Displacement Behaviours: Behaviours that bring a dog comfort when conflicted. Observing displacement behaviours is considered a non-intrusive way of measuring stress, potentially indicating a negative effect on the animal.
Calming signals: The signals are used at an early state to prevent things from happening, avoiding threats from people and dogs, calming down nervousness, fear, noise, and unpleasant things. The signals are used for calming themselves when feeling stressed or uneasy. (On Talking Terms With Dogs: Calming Signals)
Appeasement gestures: Stereotypical gestures made in response to threat gestures that tends to inhibit an attack.
Stress signs: Signs of mental or emotional strain resulting from adverse or demanding circumstances. To subject to pressure or tension.
The differences between these words amounts to hair splitting. Stressed dogs use calming signals. Calming signals may indicate stress. How is one better than another?
All of these terms describe stress, discomfort and adversity. The difference between stress signals, displacement behaviours and calming signals should not be the direction your finger is pointing. The use of these words should not be a marketing strategy, making stress signs more palatable by making these behaviours seem desirable. Really, that is the key difference. Calming signals sounds warm and fuzzy. Stress sounds bad.
I respect Turid’s observations, and have for many years, enough that I am not going to candy coat or change the definition she created. She says that dogs often do these things when yelled at, threatened or scared. Look for the root of the problem and solve it. If you believe that calming signals/stress signals/displacement behaviours are important indicators of stress, then changing the definition for your dog (or your friend/guru’s dog) is more of a reflection of personal bias than objective analysis.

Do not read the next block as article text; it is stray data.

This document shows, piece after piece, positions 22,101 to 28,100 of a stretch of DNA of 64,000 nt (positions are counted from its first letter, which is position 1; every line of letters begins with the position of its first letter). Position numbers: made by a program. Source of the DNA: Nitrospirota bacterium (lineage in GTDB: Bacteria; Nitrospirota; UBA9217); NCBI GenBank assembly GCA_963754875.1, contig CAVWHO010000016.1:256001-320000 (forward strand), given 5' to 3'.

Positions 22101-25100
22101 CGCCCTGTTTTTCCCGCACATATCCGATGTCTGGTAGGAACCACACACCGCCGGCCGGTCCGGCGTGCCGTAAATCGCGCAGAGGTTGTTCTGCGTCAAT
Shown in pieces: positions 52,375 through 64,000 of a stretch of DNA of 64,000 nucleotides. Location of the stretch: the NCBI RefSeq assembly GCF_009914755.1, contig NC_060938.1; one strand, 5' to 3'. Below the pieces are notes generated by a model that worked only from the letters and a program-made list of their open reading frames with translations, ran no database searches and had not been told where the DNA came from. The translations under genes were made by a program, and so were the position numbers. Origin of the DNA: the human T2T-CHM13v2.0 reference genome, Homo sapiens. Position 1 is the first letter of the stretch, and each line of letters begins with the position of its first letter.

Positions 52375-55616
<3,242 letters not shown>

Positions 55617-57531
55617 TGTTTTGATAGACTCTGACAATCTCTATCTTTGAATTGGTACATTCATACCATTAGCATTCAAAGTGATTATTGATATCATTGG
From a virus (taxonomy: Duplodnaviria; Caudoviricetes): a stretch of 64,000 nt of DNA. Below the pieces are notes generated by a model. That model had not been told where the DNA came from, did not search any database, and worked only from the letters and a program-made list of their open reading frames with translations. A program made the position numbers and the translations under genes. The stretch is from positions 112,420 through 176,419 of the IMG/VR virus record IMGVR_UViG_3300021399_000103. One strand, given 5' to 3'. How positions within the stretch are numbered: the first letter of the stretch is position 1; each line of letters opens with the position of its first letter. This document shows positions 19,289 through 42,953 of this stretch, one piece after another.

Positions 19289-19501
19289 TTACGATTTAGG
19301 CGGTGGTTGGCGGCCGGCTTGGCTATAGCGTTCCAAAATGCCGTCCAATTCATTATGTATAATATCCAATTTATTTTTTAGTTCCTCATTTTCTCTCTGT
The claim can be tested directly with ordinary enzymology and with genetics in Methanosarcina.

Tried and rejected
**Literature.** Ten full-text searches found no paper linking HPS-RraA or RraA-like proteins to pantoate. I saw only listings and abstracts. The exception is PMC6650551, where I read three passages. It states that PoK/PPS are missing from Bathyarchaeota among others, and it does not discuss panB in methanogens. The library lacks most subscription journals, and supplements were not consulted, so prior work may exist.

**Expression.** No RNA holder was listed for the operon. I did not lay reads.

I also respect another mentor. Many years ago, when I wanted to capture and reinforce my dog’s yawns she said, “You’re going to let your dog feel stressed so you can reward them for yawning? How exactly will you know when the dog is actually stressed or just wanting a cookie?”
Harsh questions are good questions. I’ll never forget that one because it did make me feel pretty lousy. For an instant I forgot that capturing a calming signal meant that I would need to cause my dog discomfort. Calling a stress sign a calming signal doesn’t change a thing about that moral dilemma, regardless if it sounds better when spoken out loud.
This is a great post; thanks for sharing your experience. I hadn’t previously thought about the distinctions between calming signals, stress signs, and appeasement gestures; you provide an excellent description for dog owners.
I have been working on capturing my dog’s shake offs for awhile. Do I purposefully cause her stress just to capture it? Of course not, but there are many opportunities anyways because an environment alone can be stressful. LIfe is stress.
Thanks for this beautifully written blog. This subject has both confused and enlightened me for a long time, and yes, I also read Turid Rugaas’s book years ago. Such a small and thin little book, and yet it was one of those life-changing books for me. The ideas in it are never far from my mind, and I often wonder at how much stress I impose on my dogs, both during training sessions at home, but especially when I take them to group classes. How can we learn to ask more from our dogs without stressing them? Or is being out of our comfort zones part and parcel of the learning process, both for humans and dogs?
Your last paragraph should be an epiphany for many, and a reminder that we always need to assess our technique both in light of effectiveness and the dog’s best interest.